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Drifters: Jessica Knappett on her new show

Jessica Knappett, centre, in her new show Drifters, with Lydia Rose Bewley, right, and Lauren ORourke

Jessica Knappett, centre, in her new show Drifters, with Lydia Rose Bewley, right, and Lauren ORourke

  • by JAY RICHARDSON
 

A FOUNDER member of Edinburgh Fringe favourites Lady Garden, Jessica Knappett followed her stint in the female sketch troupe with the role of Neil’s love interest in The Inbetweeners Movie.

Now she’s written – and stars in – her first sitcom, Drifters, about three mid-twenties women living in Leeds struggling to cope with dreadful jobs and dysfunctional relationships, drifting until something better comes along.

Produced by The Inbetweeners creators Damon Beesley and Iain Morris and also co-starring Lydia Rose Bewley and Lauren O’Rourke – who were also in the high-grossing film – Drifters has drawn inevitable comparisons to the sixth-form comedy and Lena Dunham’s hit Girls, with its career frustrations, angsty sensibility and frank discussions about sex. It is, however, more knockabout than the US show, and Knappett’s creations are (marginally) more self-aware than Jay, Will, Simon and Neil.

Knappett is ambivalent about the resemblances. “There are similarities [to The Inbetweeners], in that we’re a group of friends in a hinterland period of our lives,” she ventures.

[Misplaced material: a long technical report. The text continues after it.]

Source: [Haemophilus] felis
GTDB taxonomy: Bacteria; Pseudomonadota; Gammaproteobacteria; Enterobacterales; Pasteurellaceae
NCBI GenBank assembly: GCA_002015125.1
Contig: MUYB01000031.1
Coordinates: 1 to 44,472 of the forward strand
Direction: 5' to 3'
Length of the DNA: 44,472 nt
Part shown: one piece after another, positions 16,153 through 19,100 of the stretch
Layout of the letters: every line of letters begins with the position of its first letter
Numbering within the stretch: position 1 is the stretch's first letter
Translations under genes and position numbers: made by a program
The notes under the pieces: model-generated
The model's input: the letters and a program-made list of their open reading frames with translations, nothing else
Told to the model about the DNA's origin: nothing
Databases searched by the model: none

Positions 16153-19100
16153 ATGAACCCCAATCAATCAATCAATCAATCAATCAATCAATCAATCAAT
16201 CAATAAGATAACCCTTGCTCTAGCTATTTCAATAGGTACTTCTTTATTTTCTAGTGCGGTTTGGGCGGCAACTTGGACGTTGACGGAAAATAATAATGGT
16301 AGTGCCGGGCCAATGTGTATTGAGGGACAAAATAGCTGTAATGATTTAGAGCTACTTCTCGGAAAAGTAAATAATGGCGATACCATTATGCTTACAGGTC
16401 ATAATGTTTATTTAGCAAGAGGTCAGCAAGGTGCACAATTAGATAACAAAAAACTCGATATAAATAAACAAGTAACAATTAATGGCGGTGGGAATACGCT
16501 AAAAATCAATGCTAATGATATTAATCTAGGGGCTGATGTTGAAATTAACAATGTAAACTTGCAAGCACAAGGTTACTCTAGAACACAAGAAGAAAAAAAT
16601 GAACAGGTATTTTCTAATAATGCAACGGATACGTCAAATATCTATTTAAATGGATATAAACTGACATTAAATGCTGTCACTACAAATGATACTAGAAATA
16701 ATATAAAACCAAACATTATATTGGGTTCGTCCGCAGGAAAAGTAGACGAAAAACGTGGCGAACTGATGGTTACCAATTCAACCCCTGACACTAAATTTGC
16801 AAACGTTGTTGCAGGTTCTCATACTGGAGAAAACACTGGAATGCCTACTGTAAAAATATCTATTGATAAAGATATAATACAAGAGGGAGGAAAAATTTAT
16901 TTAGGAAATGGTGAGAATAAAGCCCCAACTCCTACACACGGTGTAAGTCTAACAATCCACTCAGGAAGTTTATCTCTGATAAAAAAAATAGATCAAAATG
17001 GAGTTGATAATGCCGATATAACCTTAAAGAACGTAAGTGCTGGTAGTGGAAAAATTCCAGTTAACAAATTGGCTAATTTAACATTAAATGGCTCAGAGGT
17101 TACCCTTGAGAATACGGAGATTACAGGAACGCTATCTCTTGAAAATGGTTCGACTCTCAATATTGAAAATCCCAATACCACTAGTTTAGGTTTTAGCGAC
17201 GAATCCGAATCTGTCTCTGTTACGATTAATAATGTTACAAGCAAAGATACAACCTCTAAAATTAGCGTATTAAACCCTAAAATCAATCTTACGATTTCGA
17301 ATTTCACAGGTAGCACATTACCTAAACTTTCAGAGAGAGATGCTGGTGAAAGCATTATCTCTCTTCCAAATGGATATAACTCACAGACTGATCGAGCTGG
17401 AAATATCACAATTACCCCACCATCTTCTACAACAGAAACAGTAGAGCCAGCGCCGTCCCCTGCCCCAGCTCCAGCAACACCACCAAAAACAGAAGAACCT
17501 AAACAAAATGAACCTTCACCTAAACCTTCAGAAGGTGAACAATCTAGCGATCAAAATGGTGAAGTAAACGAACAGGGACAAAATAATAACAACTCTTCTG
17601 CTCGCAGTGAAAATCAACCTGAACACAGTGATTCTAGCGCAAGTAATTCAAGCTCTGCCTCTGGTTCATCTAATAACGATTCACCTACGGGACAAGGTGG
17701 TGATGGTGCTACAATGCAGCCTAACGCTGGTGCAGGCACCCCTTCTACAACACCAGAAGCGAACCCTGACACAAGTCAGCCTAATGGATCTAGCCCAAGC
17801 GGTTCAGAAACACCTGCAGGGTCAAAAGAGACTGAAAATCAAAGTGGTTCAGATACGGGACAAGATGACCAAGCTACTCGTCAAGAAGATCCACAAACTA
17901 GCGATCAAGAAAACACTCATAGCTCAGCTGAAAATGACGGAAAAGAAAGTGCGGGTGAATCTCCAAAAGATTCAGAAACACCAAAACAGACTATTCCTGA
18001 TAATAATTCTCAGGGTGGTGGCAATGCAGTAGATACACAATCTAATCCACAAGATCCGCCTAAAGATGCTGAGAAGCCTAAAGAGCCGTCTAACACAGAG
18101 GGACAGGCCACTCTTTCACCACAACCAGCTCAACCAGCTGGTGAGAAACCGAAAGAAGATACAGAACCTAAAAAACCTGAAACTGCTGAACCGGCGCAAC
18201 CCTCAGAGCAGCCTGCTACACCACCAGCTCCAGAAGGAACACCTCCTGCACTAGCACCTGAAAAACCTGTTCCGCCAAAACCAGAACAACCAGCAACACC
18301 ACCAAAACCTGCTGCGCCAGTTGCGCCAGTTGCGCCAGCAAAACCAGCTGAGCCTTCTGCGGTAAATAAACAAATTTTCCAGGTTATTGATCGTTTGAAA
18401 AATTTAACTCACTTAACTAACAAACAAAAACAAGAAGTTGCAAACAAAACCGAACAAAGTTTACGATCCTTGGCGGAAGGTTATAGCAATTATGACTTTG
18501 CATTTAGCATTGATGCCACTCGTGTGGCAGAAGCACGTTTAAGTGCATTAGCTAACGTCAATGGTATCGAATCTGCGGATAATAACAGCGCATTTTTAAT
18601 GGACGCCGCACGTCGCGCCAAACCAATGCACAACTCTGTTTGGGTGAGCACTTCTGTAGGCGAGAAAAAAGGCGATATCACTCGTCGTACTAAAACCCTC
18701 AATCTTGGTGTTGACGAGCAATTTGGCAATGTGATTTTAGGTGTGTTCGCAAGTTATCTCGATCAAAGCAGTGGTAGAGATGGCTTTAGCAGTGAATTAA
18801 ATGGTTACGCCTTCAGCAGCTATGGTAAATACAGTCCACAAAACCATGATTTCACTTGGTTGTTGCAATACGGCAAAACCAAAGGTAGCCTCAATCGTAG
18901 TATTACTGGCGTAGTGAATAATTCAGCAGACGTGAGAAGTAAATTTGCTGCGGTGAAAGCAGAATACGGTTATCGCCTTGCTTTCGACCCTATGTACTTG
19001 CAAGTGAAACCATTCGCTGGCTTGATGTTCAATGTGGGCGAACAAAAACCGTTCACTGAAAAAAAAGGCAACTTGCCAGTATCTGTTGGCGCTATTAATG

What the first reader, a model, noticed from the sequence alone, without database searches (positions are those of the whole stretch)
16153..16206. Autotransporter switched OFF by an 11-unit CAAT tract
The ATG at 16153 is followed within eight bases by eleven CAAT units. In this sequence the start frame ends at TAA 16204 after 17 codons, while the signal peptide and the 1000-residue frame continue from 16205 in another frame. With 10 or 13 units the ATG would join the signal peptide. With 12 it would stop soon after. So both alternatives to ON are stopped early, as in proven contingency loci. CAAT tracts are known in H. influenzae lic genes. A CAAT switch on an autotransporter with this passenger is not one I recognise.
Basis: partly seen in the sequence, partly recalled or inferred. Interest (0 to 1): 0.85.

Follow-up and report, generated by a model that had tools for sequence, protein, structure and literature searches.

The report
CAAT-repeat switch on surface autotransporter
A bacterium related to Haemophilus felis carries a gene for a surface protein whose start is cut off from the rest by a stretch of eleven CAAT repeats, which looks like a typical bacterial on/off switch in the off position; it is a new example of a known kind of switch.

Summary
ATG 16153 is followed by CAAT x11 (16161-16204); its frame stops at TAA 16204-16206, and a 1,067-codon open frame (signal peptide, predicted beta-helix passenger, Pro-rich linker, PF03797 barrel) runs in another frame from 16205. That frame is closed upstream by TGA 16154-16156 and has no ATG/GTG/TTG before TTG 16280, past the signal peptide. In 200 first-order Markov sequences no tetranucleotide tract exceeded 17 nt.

“I suppose we share a similar desperation to those boys always trying to find ‘clunge’. But we’re less crude and more desperately trying to find a source of income – along the way having ups and downs in friendships and relationships. If we have even a fraction of their success, we’ll be very lucky.”

Admitting that the show is semi-autobiographical has been problematic for the 29-year-old. As with a notorious Lady Garden sketch, there’s a plot strand in Drifters that focuses on scabies, an embarrassing, itchy skin condition that she’s personally dealt with – “the best way a writer possibly can, which is write about it till the pain goes away!”

Like her socially awkward character Meg, she’s “quick to point out that, yes, it can be sexually transmitted. But not necessarily!”

Attracting comic luminaries such as Bob Mortimer and The Fast Show’s Arabella Weir to play Meg’s parents was a vote of confidence in her writing, “like a paternal link to the shows you watched growing up, reassuring that you must be doing something right”. Nevertheless, she’s understandably worried that viewers will transpose her parents’ love life on to an entirely fictional and explicit incident alluded to in one episode.

“That’s going to be embarrassing for them,” she sighs. “But I’ve watched it with my mum. I said ‘sorry’ because she was crying. But it was tears of laughter, she thought it was hilarious.

“I’m not sure my dad will see it though. It might be a good idea for him to stay away after the damage I did to him with The Inbetweeners.”

• Drifters will be available to own on DVD from 25th November 2013

 

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